AUS vs IND: Greg Chappell Compares Australian Youngsters To Indian Counterparts

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Former cricketer Greg Chappell believes that the BCCI’s method of nurturing youngsters has profited the Indian cricket team and set the foundation for their recent success against Australia in the Border-Gavaskar Trophy. The former India coach also criticised Cricket Australia’s way of training youngsters for international cricket. Writing for The Sydney Morning Herald, the former Aussie batsman stated, “By the time an Indian player reaches the national XI, he has had an all-round apprenticeship that prepares him to walk into the Indian side with a reasonable chance of success.”

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“Our young cricketers are weekend warriors compared to their Indian compatriots, who get challenging matchplay from the Under-16 age group onwards. As cricket is THE major sport in India, the best athletes in the country are playing the game and competition for state places is fierce.”

He further added, “am afraid, in comparison, Will Pucovski and Cameron Green are still in primary school in terms of experience.”

Considered to be one of the greatest Australian cricketers of all time, Chappell feels that his country prioritises education over cricket at youth level, unlike India.

He explained that boys in Australia only get to play under-age cricket during school holidays within a short time-space.

The 72-year-old wrote that due to carnivals only having a time duration of 8-10 days, Australian boys only get to play 50-over cricket, so that they can bat and bowl more during these tournaments.

Writing about an example that Indian boys are made to prioritise cricket over academics, he quipped, “Academic endeavour slips into the background for most of these lads at this age because, as one 16-year-old told me at the 2012 Youth World Cup in Townsville when asked about his schooling, “Sir, I don’t go to school. I will only get one chance at cricket, I can study at any time.””

Chappell revealed that Indian cricketers get competitive fixtures from the under-16 group, when boys in his country are only playing on the weekends.

Pointing towards Shubman Gill, Chappell opined that he is the perfect example of India’s rigourous cricket system for youngsters. “Shubman Gill represented Punjab in the three-day U16 interstate competition. At that age, only red-ball cricket is played because it is recognised that, to develop top-class batsmen, players need time to build a solid technical base”, he opined.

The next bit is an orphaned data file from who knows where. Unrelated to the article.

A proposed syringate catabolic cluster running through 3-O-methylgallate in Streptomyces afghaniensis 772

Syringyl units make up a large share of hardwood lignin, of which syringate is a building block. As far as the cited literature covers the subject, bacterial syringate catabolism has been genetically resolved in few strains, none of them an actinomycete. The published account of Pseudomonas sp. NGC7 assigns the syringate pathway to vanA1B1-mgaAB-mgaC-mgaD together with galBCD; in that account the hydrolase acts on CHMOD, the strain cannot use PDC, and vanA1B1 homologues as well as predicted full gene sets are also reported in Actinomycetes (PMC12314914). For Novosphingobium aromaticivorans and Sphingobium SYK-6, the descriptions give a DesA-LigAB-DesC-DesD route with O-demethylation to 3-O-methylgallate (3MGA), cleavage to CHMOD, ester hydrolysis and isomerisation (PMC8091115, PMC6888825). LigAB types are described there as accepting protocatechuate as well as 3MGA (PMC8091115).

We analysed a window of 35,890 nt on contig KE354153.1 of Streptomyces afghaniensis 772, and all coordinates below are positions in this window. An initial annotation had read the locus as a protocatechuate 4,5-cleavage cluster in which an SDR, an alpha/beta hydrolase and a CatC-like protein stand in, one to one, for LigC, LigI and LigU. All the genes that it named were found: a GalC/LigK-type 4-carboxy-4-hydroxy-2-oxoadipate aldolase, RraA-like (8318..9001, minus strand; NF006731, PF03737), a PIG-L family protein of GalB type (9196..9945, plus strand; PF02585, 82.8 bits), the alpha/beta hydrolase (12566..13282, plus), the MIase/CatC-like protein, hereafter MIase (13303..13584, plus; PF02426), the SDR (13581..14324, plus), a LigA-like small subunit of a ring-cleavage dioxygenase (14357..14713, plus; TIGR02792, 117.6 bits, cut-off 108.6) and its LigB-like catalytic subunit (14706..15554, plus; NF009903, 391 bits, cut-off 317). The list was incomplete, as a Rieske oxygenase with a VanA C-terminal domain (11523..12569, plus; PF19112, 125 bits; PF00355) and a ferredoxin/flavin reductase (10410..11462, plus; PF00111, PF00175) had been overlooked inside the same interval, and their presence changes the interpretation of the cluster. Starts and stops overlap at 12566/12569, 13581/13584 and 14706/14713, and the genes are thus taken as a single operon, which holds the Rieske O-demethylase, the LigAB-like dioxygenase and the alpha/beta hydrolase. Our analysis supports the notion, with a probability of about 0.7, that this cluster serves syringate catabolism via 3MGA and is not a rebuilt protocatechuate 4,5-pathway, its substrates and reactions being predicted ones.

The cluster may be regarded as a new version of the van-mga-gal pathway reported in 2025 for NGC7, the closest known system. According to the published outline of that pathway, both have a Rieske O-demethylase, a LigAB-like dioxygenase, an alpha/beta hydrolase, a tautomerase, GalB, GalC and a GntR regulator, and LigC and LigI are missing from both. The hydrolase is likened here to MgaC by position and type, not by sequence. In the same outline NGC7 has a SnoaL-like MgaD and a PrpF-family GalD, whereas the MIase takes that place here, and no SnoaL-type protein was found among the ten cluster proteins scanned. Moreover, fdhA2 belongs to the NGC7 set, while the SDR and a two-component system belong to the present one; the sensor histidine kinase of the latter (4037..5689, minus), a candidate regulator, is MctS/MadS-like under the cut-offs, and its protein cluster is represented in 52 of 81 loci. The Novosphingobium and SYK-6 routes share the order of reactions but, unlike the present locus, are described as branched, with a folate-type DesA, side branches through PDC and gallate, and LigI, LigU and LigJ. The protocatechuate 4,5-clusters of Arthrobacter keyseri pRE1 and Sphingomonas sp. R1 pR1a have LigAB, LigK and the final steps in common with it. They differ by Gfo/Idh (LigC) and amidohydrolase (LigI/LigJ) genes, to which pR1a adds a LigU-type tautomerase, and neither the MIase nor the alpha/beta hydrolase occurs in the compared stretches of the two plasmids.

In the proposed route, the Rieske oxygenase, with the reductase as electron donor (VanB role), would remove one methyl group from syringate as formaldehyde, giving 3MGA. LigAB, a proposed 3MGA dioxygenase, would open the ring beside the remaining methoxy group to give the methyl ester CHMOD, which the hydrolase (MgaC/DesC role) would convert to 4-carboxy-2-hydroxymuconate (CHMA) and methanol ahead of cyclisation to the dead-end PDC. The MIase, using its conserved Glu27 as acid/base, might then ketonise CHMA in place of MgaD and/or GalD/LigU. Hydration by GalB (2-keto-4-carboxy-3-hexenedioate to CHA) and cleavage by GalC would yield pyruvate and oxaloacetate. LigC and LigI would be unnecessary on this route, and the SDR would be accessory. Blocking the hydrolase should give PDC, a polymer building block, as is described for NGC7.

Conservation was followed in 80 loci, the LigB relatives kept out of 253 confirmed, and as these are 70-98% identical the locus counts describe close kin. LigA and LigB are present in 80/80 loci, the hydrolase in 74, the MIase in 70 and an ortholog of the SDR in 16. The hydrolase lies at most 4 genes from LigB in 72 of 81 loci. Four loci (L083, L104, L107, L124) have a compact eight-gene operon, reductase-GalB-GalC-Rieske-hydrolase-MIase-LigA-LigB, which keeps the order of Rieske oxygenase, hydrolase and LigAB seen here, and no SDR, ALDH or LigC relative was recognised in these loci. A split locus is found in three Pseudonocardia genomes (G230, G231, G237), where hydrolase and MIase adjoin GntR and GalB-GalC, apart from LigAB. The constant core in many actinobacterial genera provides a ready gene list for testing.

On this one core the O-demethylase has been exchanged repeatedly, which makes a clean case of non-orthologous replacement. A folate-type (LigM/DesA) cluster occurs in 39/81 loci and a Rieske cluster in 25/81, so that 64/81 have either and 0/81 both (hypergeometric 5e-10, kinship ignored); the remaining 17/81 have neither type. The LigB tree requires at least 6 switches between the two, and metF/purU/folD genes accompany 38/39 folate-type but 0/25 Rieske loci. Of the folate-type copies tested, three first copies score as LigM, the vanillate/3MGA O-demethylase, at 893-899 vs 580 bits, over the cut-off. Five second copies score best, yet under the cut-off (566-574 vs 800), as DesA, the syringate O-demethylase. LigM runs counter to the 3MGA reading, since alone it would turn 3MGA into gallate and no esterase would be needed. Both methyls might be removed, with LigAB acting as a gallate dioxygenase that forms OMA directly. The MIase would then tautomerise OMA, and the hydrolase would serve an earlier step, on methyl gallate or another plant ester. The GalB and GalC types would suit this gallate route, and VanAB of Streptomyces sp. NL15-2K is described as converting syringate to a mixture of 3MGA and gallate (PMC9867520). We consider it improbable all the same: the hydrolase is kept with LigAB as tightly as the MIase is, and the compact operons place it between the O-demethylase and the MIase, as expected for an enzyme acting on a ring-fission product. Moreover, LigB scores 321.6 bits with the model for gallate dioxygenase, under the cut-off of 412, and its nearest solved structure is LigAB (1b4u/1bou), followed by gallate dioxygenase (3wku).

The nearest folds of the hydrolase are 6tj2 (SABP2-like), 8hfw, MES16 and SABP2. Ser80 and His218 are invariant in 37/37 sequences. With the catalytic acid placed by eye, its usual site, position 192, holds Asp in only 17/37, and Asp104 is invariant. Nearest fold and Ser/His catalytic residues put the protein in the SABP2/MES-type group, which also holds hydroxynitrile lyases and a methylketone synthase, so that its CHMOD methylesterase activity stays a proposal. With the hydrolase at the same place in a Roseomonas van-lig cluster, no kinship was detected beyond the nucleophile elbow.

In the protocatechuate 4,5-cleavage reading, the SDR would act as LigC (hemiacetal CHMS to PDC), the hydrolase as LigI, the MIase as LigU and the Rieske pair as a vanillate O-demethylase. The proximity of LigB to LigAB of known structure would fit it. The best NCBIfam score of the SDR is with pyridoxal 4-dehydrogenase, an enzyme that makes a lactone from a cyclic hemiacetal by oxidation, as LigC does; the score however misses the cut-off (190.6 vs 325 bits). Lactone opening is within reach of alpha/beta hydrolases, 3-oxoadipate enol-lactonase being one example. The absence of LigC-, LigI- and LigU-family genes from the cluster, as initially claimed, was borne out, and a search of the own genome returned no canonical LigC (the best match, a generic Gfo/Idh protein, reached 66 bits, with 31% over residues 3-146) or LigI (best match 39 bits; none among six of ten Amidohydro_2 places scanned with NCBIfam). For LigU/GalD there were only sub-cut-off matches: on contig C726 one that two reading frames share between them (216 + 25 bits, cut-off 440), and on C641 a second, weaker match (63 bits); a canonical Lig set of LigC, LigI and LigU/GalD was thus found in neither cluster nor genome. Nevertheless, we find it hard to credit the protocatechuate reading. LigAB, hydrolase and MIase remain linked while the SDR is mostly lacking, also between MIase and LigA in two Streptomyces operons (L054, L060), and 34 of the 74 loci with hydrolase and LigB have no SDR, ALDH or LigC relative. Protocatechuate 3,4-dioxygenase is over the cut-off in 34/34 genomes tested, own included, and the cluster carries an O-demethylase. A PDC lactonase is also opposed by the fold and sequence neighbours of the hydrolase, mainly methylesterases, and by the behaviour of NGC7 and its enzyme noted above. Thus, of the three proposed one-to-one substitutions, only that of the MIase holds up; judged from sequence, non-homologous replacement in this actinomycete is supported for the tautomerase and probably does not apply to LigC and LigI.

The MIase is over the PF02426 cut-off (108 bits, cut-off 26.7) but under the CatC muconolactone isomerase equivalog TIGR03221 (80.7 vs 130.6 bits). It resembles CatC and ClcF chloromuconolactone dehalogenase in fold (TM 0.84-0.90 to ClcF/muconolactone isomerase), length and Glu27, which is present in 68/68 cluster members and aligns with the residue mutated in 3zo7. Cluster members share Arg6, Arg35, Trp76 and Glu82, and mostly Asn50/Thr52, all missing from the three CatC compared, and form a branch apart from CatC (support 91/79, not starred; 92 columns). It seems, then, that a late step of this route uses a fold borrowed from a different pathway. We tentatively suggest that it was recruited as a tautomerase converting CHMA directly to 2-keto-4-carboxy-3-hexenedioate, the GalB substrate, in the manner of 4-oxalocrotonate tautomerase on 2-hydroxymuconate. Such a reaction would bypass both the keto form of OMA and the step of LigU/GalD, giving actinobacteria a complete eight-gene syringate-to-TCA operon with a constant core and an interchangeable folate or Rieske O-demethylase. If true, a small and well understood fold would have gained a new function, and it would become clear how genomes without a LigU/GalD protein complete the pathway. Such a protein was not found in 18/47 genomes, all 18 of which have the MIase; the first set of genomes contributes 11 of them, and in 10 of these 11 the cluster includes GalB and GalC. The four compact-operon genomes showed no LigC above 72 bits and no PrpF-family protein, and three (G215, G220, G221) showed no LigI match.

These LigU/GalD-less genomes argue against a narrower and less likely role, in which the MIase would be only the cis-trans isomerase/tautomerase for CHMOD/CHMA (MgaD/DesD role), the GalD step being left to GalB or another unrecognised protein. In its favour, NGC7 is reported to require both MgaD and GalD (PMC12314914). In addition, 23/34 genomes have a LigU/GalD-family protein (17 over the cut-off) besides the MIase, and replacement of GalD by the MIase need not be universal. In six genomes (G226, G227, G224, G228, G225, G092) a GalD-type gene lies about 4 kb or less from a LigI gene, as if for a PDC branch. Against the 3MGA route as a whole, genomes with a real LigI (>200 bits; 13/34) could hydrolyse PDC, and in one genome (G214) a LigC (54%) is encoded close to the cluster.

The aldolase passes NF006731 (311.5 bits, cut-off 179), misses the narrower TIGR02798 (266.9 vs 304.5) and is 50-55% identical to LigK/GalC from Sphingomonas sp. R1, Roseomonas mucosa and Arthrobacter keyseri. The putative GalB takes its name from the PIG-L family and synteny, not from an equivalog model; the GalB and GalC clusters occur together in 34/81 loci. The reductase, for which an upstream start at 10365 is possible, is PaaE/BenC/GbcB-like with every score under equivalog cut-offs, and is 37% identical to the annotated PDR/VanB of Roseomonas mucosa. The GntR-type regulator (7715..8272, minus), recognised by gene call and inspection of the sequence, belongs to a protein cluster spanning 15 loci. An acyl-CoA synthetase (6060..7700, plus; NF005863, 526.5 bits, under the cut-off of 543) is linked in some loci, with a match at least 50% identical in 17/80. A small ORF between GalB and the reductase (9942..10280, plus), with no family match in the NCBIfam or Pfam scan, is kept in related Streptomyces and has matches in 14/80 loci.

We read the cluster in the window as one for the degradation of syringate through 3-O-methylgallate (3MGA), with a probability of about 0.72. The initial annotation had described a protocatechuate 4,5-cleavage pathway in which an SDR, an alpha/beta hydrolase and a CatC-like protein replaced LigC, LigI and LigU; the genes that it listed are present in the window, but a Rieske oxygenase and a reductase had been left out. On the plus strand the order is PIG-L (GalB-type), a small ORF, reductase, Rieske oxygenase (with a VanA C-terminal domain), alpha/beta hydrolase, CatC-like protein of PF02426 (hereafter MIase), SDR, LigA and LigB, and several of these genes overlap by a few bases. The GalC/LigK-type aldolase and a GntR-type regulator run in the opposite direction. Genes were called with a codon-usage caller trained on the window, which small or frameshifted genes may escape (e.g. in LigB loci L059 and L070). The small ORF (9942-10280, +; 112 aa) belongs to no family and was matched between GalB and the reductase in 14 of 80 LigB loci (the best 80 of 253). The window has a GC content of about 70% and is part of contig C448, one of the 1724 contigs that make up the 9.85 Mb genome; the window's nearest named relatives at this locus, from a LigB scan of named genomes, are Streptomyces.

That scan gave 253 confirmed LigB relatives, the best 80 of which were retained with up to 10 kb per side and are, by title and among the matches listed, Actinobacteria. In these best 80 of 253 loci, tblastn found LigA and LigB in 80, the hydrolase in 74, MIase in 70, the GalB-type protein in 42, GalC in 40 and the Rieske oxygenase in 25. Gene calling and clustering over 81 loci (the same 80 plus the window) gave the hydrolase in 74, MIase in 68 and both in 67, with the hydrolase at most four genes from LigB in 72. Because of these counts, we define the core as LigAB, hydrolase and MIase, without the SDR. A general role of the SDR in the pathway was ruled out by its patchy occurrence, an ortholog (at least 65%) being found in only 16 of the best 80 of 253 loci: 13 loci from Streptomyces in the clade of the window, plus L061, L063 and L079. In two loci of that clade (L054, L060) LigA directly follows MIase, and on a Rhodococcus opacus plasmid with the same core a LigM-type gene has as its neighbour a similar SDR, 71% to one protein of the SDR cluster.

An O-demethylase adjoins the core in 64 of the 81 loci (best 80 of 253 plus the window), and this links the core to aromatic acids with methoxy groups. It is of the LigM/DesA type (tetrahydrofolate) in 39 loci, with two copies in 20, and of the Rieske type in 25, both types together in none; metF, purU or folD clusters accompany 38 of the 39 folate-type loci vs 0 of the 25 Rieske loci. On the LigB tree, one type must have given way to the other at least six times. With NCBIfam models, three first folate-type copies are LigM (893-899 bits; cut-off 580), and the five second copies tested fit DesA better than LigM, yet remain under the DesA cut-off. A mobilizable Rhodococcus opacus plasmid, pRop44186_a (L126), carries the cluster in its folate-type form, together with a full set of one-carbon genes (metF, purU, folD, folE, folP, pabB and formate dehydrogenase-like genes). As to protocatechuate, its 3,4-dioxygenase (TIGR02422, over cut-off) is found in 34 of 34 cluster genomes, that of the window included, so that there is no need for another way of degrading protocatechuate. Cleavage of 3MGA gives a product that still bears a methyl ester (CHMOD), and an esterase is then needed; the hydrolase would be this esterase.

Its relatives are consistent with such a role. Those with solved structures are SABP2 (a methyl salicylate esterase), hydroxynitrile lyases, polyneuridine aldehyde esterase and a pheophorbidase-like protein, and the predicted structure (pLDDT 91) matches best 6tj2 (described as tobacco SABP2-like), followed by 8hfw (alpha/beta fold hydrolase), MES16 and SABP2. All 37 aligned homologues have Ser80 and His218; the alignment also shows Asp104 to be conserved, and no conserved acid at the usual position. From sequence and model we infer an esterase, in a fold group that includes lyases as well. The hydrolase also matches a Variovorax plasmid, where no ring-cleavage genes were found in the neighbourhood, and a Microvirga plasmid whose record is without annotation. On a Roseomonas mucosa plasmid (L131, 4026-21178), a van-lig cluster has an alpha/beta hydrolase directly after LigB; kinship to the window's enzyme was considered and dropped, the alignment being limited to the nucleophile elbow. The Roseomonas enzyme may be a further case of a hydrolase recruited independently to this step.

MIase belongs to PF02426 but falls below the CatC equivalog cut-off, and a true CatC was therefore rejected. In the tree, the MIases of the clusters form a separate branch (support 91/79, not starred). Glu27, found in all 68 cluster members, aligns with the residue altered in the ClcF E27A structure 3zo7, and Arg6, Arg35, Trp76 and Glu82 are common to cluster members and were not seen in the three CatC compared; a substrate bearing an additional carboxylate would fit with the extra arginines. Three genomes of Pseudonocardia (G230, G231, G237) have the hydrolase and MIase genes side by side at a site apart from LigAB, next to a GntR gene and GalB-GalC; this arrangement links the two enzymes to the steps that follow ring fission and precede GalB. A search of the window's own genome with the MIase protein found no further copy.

He went on to further explain, “At the U19 level, Gill played in four-day red-ball tournaments and a 50-over white-ball tournament comprising four teams for which 60 players are chosen. Match referees at these tournaments are all talent spotters. From there, Gill, who was a standout at this age, was selected as vice-captain to Prithvi Shaw in the winning 2018 Youth World Cup squad, where he scored 102 against Pakistan in the semi-final and was named player of the tournament.”

After youth cricket, Gill also played in U-23 state competitions, where the focus is on red-ball cricket. He also played for India A, where he hogged the limelight with a knock of 204 from 248 balls against West Indies A.

Chappell also credited Rahul Dravid, who is the Director of the National Cricket Academy in Bengaluru.

Will Pucovski and Cameron Green were the youngsters in the Australian team during the four-match Test series against India.

Chappell revealed that the duo never got the experience to play in a Youth World Cup due to injury and timing. They have also hardly played for Australia A, and owe their selection to their performance for their state teams.

“The BCCI is investing millions of dollars in budding Indian cricketers. Cricket Australia, by comparison, spends $44m dollars on the Sheffield Shield. The comparative spending gap isn’t a gulf; it is the size of the Indian Ocean”, wrote Chappell.

Chappell also feels that Australia are no more the best cricket team in the world, but still have time to regain their success. He wrote that Cricket Australia needs to change its attitude and invest in talent.

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He believes that his country’s board can draw inspiration from India, which has 38-first class teams, with youth and A teams consisting of a surprising degree of maturity.

India defeated Australia, 2-1, in the four-match Test series. They now face England in an upcoming four-match Test series at home.

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